In chapter 24 , Aunt Alexandra is holding a meeting of her missionary circle. Although the assembled ladies discuss the church's missionary work in Africa, they still voice prejudiced remarks about African Americans. Grace Merriweather, for example, implies that white missionaries are somehow doing those poor benighted savages out in...
In chapter 24, Aunt Alexandra is holding a meeting of her missionary circle. Although the assembled ladies discuss the church's missionary work in Africa, they still voice prejudiced remarks about African Americans. Grace Merriweather, for example, implies that white missionaries are somehow doing those poor benighted savages out in Africa a favor:
"Oh child, those poor Mrunas," she said, and was off. Few other questions would be necessary.
Mrs. Merriweather's large brown eyes always filled with tears when she considered the oppressed. "Living in that jungle with nobody but J. Grimes Everett," she said. "Not a white person'll go near 'em but that saintly J. Grimes Everett." (Chapter 24. pp.26-28)
It's ok to help people out in Africa (something for which they should be eternally grateful to the saintly J. Grimes Everett), but their ancestors in Maycomb are just "darkies" who can never be on equal terms with white folk.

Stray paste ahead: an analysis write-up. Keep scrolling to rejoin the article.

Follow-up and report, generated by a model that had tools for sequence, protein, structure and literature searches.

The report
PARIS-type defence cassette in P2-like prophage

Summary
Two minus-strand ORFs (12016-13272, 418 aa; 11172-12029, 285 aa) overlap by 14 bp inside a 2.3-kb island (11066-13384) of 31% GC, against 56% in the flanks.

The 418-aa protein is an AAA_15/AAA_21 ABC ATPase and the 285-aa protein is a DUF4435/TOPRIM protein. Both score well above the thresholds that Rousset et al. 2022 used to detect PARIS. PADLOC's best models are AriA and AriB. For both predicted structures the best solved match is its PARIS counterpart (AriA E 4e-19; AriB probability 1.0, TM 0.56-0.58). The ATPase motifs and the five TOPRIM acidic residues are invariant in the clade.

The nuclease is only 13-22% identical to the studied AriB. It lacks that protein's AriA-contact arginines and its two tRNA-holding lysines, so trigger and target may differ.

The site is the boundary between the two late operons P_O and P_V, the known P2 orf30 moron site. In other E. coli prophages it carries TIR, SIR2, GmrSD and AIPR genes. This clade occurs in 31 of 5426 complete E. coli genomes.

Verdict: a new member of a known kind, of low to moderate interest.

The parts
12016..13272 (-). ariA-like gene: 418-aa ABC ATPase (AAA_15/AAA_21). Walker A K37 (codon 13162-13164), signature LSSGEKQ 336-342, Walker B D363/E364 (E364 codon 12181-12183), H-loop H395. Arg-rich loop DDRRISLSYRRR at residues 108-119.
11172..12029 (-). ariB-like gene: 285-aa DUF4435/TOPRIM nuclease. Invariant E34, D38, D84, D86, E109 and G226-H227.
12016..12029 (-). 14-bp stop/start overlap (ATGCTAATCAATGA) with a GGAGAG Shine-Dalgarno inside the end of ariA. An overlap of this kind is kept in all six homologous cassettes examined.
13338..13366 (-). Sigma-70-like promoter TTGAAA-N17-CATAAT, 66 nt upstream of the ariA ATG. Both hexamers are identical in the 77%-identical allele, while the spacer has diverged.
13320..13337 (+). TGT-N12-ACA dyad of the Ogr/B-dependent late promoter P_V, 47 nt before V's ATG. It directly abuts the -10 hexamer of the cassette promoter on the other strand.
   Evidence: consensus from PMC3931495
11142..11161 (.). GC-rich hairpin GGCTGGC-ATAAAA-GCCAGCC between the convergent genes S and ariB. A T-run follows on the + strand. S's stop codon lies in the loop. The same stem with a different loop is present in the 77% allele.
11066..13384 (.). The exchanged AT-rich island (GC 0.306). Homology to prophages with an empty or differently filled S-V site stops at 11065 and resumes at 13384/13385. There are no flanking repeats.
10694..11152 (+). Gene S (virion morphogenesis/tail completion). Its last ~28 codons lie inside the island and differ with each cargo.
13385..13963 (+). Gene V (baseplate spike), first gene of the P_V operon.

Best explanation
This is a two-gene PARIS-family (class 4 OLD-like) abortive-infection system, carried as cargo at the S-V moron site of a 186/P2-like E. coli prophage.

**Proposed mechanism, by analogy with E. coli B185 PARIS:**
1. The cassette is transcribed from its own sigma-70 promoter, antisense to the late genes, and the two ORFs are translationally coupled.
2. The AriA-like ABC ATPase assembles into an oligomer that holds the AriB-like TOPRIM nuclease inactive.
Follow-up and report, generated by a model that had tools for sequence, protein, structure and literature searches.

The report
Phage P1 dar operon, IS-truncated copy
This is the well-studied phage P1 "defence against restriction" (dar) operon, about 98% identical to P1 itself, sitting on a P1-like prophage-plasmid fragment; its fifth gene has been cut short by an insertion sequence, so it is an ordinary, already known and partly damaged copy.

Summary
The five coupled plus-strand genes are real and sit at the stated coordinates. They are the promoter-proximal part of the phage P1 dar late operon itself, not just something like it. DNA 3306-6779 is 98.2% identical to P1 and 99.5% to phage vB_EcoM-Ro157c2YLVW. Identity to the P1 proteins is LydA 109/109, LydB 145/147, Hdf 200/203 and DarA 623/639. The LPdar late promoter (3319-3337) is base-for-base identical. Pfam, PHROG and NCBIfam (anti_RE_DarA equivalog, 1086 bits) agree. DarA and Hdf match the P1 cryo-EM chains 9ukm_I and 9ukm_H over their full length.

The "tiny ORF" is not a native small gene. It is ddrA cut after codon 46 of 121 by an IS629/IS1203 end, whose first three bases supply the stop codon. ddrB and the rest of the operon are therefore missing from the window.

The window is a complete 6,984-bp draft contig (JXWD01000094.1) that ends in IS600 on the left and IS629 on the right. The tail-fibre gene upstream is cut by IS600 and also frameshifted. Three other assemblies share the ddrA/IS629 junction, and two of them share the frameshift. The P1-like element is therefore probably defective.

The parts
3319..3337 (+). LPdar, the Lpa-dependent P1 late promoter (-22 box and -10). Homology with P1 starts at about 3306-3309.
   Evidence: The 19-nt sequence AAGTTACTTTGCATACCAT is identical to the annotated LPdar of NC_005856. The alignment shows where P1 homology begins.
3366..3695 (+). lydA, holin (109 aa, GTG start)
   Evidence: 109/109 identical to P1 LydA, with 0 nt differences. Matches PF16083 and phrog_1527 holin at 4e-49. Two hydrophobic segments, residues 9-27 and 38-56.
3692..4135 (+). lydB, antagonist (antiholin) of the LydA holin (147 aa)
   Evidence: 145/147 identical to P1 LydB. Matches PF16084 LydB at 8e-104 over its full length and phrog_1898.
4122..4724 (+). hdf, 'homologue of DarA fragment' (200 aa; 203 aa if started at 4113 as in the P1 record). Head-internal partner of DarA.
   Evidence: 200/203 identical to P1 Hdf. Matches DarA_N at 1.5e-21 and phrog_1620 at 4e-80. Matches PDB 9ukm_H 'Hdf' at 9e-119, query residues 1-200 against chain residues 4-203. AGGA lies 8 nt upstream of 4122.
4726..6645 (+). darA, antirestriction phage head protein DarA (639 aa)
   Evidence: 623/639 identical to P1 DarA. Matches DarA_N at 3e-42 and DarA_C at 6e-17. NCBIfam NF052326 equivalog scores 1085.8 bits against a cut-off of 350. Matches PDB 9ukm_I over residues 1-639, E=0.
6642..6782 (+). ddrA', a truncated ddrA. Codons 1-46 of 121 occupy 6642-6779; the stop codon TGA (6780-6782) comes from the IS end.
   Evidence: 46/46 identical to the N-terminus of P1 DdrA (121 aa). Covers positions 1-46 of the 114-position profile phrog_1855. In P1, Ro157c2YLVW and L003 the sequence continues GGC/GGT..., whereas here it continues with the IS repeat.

Prejudice in To Kill A Mockingbird isn't simply racial; it's also based on class. Aunt Alexandra has a particular bee in her bonnet about "good breeding." She's of the firm opinion that negative character traits are passed down through families over generations. But Scout isn't too impressed:
Somewhere, I had received the impression that Fine Folks were people who did the best they could with the sense they had, but Aunt Alexandra was of the opinion, obliquely expressed, that the longer a family had been squatting on one patch of land the finer it was. (Chapter 13. p.28)
But, it's racial prejudice that is the main theme of the story. This affects people in different ways:
Lula stopped, but she said, "You ain't got no business bringin' white chillun here—they got their church, we got our'n. It is our church, ain't it, Miss Cal?"
. . . When I looked down the pathway again, Lula was gone. In her place was a solid mass of colored people.
One of them stepped from the crowd. It was Zeebo, the garbage collector. "Mister Jem," he said, "we're mighty glad to have you all here. Don't pay no 'tention to Lula, she's contentious because Reverend Sykes threatened to church her. She's a troublemaker from way back, got fancy ideas an' haughty ways—we're mighty glad to have you all." (Chapter 12. pp.48-52)
Segregation is so deeply entrenched in the Old South that different races even worship at different churches. What's also being hinted at here is that the Christian message, which is universal, is being repressed by prevailing the racial prejudices that reinforce separation and particularity.